In 2004 when Maggie Pearlstine's mare Petite Ibnr produced a bay colt foal to our much-loved thoroughbred stallion Honeybrook Siren, we didn't realize at the time the significance this colt would have on the breeding industry. His mother Petite Ibnr, full sister to winning steeplechaser Carrig House by the leading National Hunt sire Phardante, little did we know within a year Honeybrook Siren would be dead, potentially taking with him his influential Cruise Missile bloodlines. The big bay colt was now a yearling and was turning more and more into his father, it was then we realized he was the only entire thoroughbred son of the late Honeybrook Siren and we knew if he had half the talent and ability as a sire as his father he would become a very popular Sports Horse Sire.
He was given time to mature living a fairytale lifestyle out in the herd of colts under the watchful eye of Joan Parker at Smithie Bridge Farm, only coming home through the winter months and then returning to live out in the lush grass and sunshine with a gelding companion. We are convinced this has attributed to his fabulous attitude and has allowed him to mature slowly without becoming bored stood in a stable and has allowed him to socialize with other horses growing up a kind and well mannered horse.
He was broken and ridden away around the farm Autumn 2007 and has returned to work showing a fabulous attitude unfazed by fences, water, ditches and heavy traffic-having hacked out alongside the A59.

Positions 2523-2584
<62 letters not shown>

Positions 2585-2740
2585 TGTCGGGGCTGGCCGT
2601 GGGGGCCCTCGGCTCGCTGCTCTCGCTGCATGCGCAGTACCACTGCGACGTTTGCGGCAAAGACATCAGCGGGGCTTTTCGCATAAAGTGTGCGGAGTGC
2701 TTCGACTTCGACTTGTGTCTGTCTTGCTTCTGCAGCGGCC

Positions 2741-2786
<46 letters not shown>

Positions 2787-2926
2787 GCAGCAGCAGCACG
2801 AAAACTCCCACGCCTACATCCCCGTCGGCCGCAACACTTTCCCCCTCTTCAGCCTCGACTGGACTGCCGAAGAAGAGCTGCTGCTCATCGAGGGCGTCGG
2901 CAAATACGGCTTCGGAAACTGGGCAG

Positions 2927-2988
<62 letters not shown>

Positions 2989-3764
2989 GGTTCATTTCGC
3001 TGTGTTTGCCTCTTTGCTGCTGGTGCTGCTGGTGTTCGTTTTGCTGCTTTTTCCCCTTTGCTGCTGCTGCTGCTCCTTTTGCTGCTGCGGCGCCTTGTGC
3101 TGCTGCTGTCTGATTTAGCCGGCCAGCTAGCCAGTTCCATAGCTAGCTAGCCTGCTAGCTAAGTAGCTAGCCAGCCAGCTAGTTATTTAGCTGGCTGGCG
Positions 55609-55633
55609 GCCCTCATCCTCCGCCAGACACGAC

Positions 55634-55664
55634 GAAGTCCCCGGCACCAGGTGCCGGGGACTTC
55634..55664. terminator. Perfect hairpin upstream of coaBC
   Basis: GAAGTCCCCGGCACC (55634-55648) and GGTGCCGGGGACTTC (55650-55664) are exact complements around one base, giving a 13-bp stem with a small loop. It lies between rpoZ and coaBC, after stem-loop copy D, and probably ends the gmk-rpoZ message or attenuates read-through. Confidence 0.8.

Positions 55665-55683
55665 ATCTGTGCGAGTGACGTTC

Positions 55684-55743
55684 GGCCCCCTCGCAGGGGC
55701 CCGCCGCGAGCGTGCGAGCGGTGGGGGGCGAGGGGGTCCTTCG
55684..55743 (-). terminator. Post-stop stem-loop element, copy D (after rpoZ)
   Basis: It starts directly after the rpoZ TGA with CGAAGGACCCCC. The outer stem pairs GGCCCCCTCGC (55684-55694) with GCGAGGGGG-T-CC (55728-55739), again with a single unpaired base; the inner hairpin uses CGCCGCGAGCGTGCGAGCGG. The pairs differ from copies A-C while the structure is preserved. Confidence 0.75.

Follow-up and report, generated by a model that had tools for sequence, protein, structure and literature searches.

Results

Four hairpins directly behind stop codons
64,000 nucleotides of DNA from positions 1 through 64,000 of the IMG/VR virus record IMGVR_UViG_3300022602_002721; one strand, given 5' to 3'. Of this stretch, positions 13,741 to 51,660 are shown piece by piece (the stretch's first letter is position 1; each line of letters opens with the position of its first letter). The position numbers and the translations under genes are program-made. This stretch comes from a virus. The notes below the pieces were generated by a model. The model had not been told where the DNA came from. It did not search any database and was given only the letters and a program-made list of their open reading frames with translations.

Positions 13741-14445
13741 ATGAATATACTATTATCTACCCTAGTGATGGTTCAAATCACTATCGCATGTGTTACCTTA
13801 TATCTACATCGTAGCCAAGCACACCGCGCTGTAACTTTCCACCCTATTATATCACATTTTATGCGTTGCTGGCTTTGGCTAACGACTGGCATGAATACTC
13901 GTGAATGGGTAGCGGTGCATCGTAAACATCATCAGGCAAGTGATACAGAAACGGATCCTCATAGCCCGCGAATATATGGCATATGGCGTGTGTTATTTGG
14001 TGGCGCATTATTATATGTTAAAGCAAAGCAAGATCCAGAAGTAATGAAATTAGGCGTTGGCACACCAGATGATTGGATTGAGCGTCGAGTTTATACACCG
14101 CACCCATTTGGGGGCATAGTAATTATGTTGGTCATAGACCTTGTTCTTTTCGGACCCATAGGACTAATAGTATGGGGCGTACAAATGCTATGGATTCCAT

In 2008 we aimed to produce him for the Young Event Horse Finals but after winning at Championship level as a show horse we decided not to risk injury and put the eventing career on hold for the time being. He rewarded us by winning all his stallion classes he entered. His long-term career plans were to be produced for a career in Eventing, Dressage and Show jumping. He was happily working at elementary dressage with established lateral work and changes and jumping double clears at 1.10m. Sadly as best plans can always go wrong he injured himself in a freak accident in the paddock and though still sound on vets advice we have decided to retire him to stud due to a large amount of scar tissue on the underside of his abdomen.
As he has such excellent conformation, temperament and movement we saw the opportunity to licence him with the National Pony Society, which has a separate section for thoroughbred stallions, he was rigorously vetted and assessed and we were delighted when he passed with flying colours! He is however still available via Natural service & AI with fresh semen at End House Stud.
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